Armed ViolenceNews

DR Congo And Uganda Finally Launch Joint Military Operations Against Adf Rebels

Uganda and the Democratic Republic of Congo on Tuesday Nov. 30, finally launched military operations against rebels of the Allied Democratic Forces (ADF) who have been wreaking havoc in the eastern DR Congo.

Uganda and the Democratic Republic of Congo on Tuesday Nov. 30,  finally launched military operations against rebels of the Allied Democratic Forces (ADF) who have been wreaking havoc in the eastern DR Congo.

The hostilities against the ADF rebels were opened with air and artillery bombardments from Ugandan territory and the entry into eastern DR Congo by Ugandan troops at the Nobili border post in North Kivu. 

Both Kampala and Kinshasa confirmed the beginning of the military operations against the ADF. 

Independent sources through amateur videos also gave credence to the information.


“The targeted and concerted actions with the Ugandan army have started today with air strikes and artillery bombardment from Uganda on positions of the ADF terrorists in DR Congo,” Patrick Muyaya, Congolese Minister of Communication and Media, announced in a post on social media.

“We have launched air and artillery strikes against ADF camps with our Congolese allies,” also declared, General Flavia Byekwaso, the spokesperson of the Ugandan army, adding that “the targets were achieved with precision and the terrorists will continue to be pursued during ground operations”.

General General Leon-Richard Kasonga, spokesperson of the DR Congo army, said the joint operations will carry out search and control operations to mop up and secure the ADF positions hit by the strikes Wednesday morning.

Patrick Muyaya, the Congolese Minister added that it was agreed that the operations be deeply carried out by the special forces of the two countries.

“At 05:00 hours, the chiefdom of Matalinga was woken up by the sound of heavy arms coming from a Ugandan border village,” said Zawadi Ngandanodette, president of a local civil society outfit, adding that this provoked panic among the population but the situation returned to normal afterwards.

According to other eyewitness accounts, explosions were also heard in the neighbouring Ituri province around Boga and Tchabi, sectors known to harbor several ADF rebels.

In the afternoon, a humanitarian worker at the border in Nobili “saw a column of Ugandan soldiers on foot, and heavily armed with armoured vehicles following them behind entering Congolese territory.”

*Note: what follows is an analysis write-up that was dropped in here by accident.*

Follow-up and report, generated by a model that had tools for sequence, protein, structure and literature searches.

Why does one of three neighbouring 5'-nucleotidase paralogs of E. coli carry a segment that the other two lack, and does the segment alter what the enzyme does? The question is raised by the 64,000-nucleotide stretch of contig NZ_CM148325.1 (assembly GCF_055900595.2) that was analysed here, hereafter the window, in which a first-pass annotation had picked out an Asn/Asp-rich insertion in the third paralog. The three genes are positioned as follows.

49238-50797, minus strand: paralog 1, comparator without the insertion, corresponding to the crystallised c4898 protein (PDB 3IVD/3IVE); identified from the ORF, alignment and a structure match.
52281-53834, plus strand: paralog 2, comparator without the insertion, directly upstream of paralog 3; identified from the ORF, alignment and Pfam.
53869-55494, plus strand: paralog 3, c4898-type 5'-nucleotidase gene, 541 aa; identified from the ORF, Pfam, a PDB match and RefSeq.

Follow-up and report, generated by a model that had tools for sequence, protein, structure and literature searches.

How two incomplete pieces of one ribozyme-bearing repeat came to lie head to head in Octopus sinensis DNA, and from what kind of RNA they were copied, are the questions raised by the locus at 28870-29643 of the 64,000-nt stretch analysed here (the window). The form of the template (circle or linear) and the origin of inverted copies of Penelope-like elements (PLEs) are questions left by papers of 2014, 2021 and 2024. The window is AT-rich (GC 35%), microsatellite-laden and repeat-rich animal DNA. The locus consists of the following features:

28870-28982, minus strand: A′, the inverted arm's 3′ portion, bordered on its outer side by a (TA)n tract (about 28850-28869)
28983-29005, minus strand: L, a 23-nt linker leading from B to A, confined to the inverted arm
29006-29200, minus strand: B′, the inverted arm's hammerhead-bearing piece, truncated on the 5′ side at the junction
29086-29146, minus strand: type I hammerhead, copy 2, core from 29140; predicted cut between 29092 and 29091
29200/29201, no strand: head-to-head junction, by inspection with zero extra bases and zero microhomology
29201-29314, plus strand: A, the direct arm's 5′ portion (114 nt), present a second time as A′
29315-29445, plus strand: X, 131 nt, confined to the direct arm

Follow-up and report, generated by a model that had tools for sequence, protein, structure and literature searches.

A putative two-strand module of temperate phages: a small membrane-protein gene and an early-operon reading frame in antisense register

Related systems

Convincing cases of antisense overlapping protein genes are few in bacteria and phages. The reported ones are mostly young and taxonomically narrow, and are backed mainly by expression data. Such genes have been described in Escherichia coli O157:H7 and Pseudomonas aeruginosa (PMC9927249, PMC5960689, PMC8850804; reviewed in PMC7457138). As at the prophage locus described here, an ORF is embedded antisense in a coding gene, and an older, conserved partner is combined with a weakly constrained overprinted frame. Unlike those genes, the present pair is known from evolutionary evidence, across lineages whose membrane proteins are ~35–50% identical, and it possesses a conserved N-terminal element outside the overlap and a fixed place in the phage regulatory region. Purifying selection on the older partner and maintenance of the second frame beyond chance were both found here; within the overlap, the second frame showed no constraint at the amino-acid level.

A United Nations source revealed that the Ugandan soldiers were moving towards Kamango, a locality situated eight kilometres to the northwest.

An adviser in the DR Congo presidency had Sunday, Nov. 28, confirmed on condition of anonymity, information from diplomatic sources to the effect that President Felix Tshisekedi had authorized the Ugandan army to cross the border into Congo to attack the ADF.

The source had added that it was necessary for all the procedures to be respected notably at the level of parliament through a vote by the representatives of the people.

This authorization was not and is still not welcome by all Congolese, some of whom were quick to point out the roles played by Uganda and Rwanda in the destabilization of the eastern DR Congo for the past thirty years.

The Congolese Minister of Communication and Media, Patrick Muyaya had on Monday, Nov. 29, indicated that there were no Ugandan troops in DR Congo but added that “concerted and targeted actions” were “envisaged with the Ugandan army to combat the ADF terrorists who are our common enemy.”

The ADF was a coalition of Ugandan armed groups most of which were composed of Muslims opposed to the regime of President Yoweri Museveni.

They have since 1995 been installed in eastern DR Congo from where they carry out atrocities and are considered the most murderous of the armed groups operating in the region.

Since April 2019, some of their attacks have been claimed by the Islamic State which has been designating the group as its Central African Province.

In March this year, the United States of America placed the ADF among terrorist groups affiliated to the jihadists of the Islamic State.

Uganda has been accusing a local group linked to the ADF as being the authors of the double suicide attack on its capital Kampala on Nov. 16, 2021 which left four persons dead. 

This attack followed a bomb attack on a restaurant in Kampala on Oct. 23, 2021 and another suicide bomb attack on a bus in Kampala two days later.

North Kivu and the neighbouring province of Ituri have since May 6, 2021 been under a state of siege declared by DR Congo president Felix Tshisekedi and civilian authorities have since been replaced by military and police administrators.

However, in spite of this, the DR Congo army, according to the Kivu Security Barometer (KSB), has not been able to stem the massacre of about 1,200 civilians since the state of siege was declared.


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Chief Bisong Etahoben

Chief Bisong Etahoben is a Cameroonian investigative journalist and traditional ruler. He writes for international media and has participated in several transnational investigations. Etahoben won the first-ever Cameroon Investigative Journalist Award in 1992. He serves as a member of a number of international investigative journalism professional bodies including the Forum for African Investigative Reporters (FAIR). He is HumAngle's Francophone and Central Africa editor.

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